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June 11, 2008



this and "the diving bell and the butterfly" were my two favorites from last year -- both directed by artists who became famous first in another medium


Corbijn is amazing. The screencaps you show here really remind me of his video for U2's "One".

This is how Joy Division should be portrayed, not as in 24-Hour Party People. That was god-awful.

Clarity Sage

My boyfriend just bought the dvd and is expecting it in the mail any day now (hopefully today). He became a huge Joy Division fan after I played the Killers' "Shadowplay" for him. There are many steps in between of course. I didn't share his growing obsession, but I am still looking forward to seeing the movie. Movies made by great photographers are always fascinating to watch and dissect. Those are really nice screen captures.


This film is the only one that made me sob last year. Heartbreaking, emotional, and shot in a gritty beautiful way.

Anton Corbijn is one of my favorite photographers, and when I heard about this film yesterday on NPR, I made a mental note to put it on my Netflix queue when I got home. Sure enough, it slipped my mind-- so thank you for the reminder!
House of Jules


The trailer made me so teary, the music and imagery haunts me! how will i survive the whole film? i wonder how true to life it is seeing as it's based on Deborah Curtis's book. Then again, how 'actual' can any biopic be? Torn between a childhood sweetheart and a soul mate, harsh.

Laura @ Hungry and Frozen

Thanks for the stunning screencaps...nice to see something other than the one or two promotional pictures I saw in every magazine. You're right, the photographer in Corbijn really shows through. Wish I saw this in the cinema when I had the chance.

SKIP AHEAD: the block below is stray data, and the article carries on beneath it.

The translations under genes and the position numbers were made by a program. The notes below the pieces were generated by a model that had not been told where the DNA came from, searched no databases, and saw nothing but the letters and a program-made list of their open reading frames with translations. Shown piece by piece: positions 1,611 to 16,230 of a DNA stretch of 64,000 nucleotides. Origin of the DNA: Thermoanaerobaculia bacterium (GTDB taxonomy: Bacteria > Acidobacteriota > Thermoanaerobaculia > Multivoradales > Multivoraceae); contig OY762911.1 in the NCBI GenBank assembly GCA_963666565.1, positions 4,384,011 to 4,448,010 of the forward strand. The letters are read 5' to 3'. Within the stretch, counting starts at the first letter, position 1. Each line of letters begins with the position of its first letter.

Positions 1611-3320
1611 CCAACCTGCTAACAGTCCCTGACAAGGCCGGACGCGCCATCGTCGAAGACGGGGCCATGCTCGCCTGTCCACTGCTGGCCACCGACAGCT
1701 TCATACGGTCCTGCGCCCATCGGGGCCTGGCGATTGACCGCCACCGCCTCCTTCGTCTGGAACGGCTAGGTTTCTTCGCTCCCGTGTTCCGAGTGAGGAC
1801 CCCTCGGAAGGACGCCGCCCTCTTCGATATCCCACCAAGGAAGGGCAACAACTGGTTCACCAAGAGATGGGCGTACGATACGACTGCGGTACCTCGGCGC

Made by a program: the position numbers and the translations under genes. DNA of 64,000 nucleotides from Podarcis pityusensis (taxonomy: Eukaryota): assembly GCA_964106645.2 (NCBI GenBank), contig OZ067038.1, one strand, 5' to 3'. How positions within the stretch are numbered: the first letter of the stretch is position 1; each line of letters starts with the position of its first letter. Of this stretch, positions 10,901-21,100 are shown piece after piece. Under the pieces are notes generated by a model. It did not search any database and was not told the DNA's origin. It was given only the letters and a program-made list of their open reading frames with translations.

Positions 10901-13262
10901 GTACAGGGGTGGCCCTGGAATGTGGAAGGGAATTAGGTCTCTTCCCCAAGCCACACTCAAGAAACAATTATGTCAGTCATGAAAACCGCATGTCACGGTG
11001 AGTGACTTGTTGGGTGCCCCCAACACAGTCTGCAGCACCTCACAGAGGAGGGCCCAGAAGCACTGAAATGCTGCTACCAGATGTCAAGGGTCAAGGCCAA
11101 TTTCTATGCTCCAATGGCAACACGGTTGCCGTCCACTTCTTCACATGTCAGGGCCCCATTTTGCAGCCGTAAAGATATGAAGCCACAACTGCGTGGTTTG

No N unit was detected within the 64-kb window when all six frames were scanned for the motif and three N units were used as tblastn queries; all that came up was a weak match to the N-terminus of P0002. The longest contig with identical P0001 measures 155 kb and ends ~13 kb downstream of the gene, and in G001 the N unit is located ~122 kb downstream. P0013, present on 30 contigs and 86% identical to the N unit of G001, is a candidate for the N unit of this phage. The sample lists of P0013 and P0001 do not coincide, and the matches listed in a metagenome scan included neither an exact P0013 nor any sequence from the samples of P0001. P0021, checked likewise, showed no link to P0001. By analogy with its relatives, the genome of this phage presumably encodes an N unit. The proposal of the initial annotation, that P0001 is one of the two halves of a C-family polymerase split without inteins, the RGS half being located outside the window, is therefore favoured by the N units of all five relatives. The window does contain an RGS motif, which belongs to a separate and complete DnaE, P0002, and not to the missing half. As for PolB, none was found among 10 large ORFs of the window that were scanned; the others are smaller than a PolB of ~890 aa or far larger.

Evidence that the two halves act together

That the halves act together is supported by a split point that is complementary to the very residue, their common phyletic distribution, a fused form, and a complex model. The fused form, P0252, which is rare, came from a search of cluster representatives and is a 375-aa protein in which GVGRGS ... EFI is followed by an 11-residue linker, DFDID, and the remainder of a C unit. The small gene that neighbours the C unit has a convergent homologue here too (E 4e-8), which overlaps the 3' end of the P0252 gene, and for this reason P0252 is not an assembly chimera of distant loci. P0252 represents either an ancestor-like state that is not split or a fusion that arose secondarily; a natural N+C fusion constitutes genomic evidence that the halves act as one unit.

I was obsessed with Joy Division back in the early 90s (having come to them backwards through New Order). Then I read the book this film is based on, which immediately shattered the mythos of Ian Curtis (that I guess existed only inside my head). Some things should remain a mystery, I suppose. I liked him a lot less after that book. Still, I've been meaning to see this movie, particularly after viewing that mess "24 Hours Part People".


Thank you so much for this post. I work in a small-town video store and I'm pretty sure I am the only person that has watched this movie, with the exception of a couple friends of mine who seemed less than impressed. I was (and am) so moved by this movie, it is breathtaking, tragic, and truly lovely. Aside from the infidelity, I could marry Sam Riley's Ian Curtis - so amazing, and I related so much to his introspection, though yes, he is a bit maudlin.

Thank you for the gorgeous screen captures - I'm dying for the poster but it's $20 everywhere I've looked!

Oh, and for the person that asked how closely it followed Deborah Curtis' book, I would say pretty closely, I believe she did co-produced the film.

Thanks again Rich - I've been a long-time lurker of both you and Tracie, but I couldn't let this post go by without a comment.


Oh bless you!

Joy Division is one of my favorite bands. And yet I let myself miss the film when it played for a week down the street from my house. I'm DUMB. But, the theater that was showing it has the worlds worse sound system... that's my defense.

So, it's coming on Net Flix tomorrow and I will make a weekend of it. and have myself a good sob. The likes of which have not been seen since the premiere of @4 Hour party People.


I mean 24 Hour Party People, which, unlike the fellow commenters, I adored.


angst angst angst

masculine angst


that last shot, with smoke billowing into the sky, was perfect. i just sat there unable to move.


At least the actor in "24 Hour Party People" actually LOOKED like Ian. Sam Riley looks like Pete Doherty.